1, 2,3 and...break!
March Break. Just because the kids are on a so-called "break" doesn't mean you get to take a break from being a parent. (I've tried.) Personally I like calling it "March Break" instead of "Spring Break" mostly because it's more descriptive in terms of the timing of it (there's still snow outside my window), but also because it serves as a reminder that we can, as parents, at any point during this "week off", demand that our kids "march". To their room to clean it up, to the dinner table without complaining, to the shower when they start to smell, and to the front door to get outside and start shoveling away that 'spring' snow.
March Break doesn't mean breaking the rules or the routines -- in terms of bedtimes, meals and, let's face it, personal hygiene -- but it can be a great time to break out some new activities that don't normally fit into your schedule. If you have more than one child to organize during the week, have a discussion with all of them to find out what they'd like to do, beyond just "not go to school". But do your own research first. Look up a few free activities (start with community events) so you'll have some easy and cheap suggestions to make to them. Check out what (appropriate) movies will be playing, find out the hours and rates of pay-for activities such as the bowling alley or roller rink near you, and look into whether your local public swimming pool has special events or hours in place during the break.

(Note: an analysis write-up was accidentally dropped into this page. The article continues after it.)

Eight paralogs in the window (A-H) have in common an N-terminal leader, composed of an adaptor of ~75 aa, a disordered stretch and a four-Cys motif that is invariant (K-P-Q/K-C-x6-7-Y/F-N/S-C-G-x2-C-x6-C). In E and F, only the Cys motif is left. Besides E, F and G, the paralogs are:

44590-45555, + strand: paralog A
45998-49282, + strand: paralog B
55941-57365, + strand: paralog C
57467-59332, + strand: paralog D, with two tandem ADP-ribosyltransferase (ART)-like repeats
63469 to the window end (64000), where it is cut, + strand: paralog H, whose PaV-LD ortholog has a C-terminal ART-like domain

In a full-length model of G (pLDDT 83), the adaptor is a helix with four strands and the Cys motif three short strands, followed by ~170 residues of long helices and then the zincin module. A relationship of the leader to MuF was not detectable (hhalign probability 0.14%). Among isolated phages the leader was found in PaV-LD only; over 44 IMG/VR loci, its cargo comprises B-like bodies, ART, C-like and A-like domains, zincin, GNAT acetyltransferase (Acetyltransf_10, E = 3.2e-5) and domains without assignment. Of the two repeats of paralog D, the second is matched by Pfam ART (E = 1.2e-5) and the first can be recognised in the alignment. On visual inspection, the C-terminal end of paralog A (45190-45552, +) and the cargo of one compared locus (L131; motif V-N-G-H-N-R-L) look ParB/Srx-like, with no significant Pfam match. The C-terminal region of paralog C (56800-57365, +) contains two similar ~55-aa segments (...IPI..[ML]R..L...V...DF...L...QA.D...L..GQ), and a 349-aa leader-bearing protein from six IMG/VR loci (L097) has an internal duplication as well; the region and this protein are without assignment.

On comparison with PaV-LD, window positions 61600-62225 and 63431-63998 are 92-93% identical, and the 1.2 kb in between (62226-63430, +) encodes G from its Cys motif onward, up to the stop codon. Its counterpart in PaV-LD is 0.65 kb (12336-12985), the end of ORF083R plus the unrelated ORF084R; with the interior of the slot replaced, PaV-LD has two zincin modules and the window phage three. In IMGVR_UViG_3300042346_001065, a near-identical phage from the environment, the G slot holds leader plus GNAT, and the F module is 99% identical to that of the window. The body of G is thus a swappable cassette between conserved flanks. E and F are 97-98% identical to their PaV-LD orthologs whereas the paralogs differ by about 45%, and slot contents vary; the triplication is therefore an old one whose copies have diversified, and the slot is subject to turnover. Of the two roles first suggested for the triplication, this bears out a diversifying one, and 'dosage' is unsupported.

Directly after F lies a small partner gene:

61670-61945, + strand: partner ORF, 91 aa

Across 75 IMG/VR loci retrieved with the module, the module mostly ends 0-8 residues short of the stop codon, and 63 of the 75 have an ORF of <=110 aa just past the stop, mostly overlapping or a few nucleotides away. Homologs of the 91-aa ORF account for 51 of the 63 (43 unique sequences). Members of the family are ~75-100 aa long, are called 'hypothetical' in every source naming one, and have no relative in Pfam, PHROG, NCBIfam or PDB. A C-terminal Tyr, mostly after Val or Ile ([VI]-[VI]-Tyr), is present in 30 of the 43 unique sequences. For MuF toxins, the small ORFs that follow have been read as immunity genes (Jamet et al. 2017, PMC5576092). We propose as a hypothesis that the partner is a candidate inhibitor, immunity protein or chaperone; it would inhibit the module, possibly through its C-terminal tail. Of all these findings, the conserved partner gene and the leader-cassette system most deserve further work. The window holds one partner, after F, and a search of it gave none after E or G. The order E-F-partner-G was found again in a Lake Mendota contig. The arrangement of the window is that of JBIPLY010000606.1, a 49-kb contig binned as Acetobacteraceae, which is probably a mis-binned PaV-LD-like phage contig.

Talk to other parents in advance of the week to see if they want to either join you and your kids for some of your activities, and also if they'd be interested in trading off some time so that you can both get done what needs to get done during the week. (Laundry and grocery shopping don't go on holidays! Trust me; I've also tried this.)
Often parents struggle with balancing school-age kids on March Break and having a baby or toddler at home as well. This makes it the perfect time to try out a teen babysitter during the day. Don't forget that high school kids are on break as well, and many of them would love to earn some money as well as a spot in your evening babysitter rotation.
If you're getting to know them for the first time, book them for a few hours to play with the big kids (take them for walks, to a park, even drop them at a museum or movie), or to watch the little ones while you get out with the school-age kids. If you're the parent of a high school student interested in babysitting, make some connections for them, or have them put up posters or drop off flyers.
Resist the temptation to let the kids stay up late at night as a treat, as it can be tough to get them back into regular bedtimes on the Sunday night before school starts up again, let alone having to deal with an overtired and under-eager student the next morning. You'll be ready for a break from the break by then, yourself.
Based on an article run in Metro News
Kathy Buckworth's books "Shut Up & Eat" and "Journey to the Darkside" are now available on audible.com Look for Kathy's latest, "I Am So The Boss Of You" (recently optioned by Warner Brothers Television) in bookstores everywhere March 26th.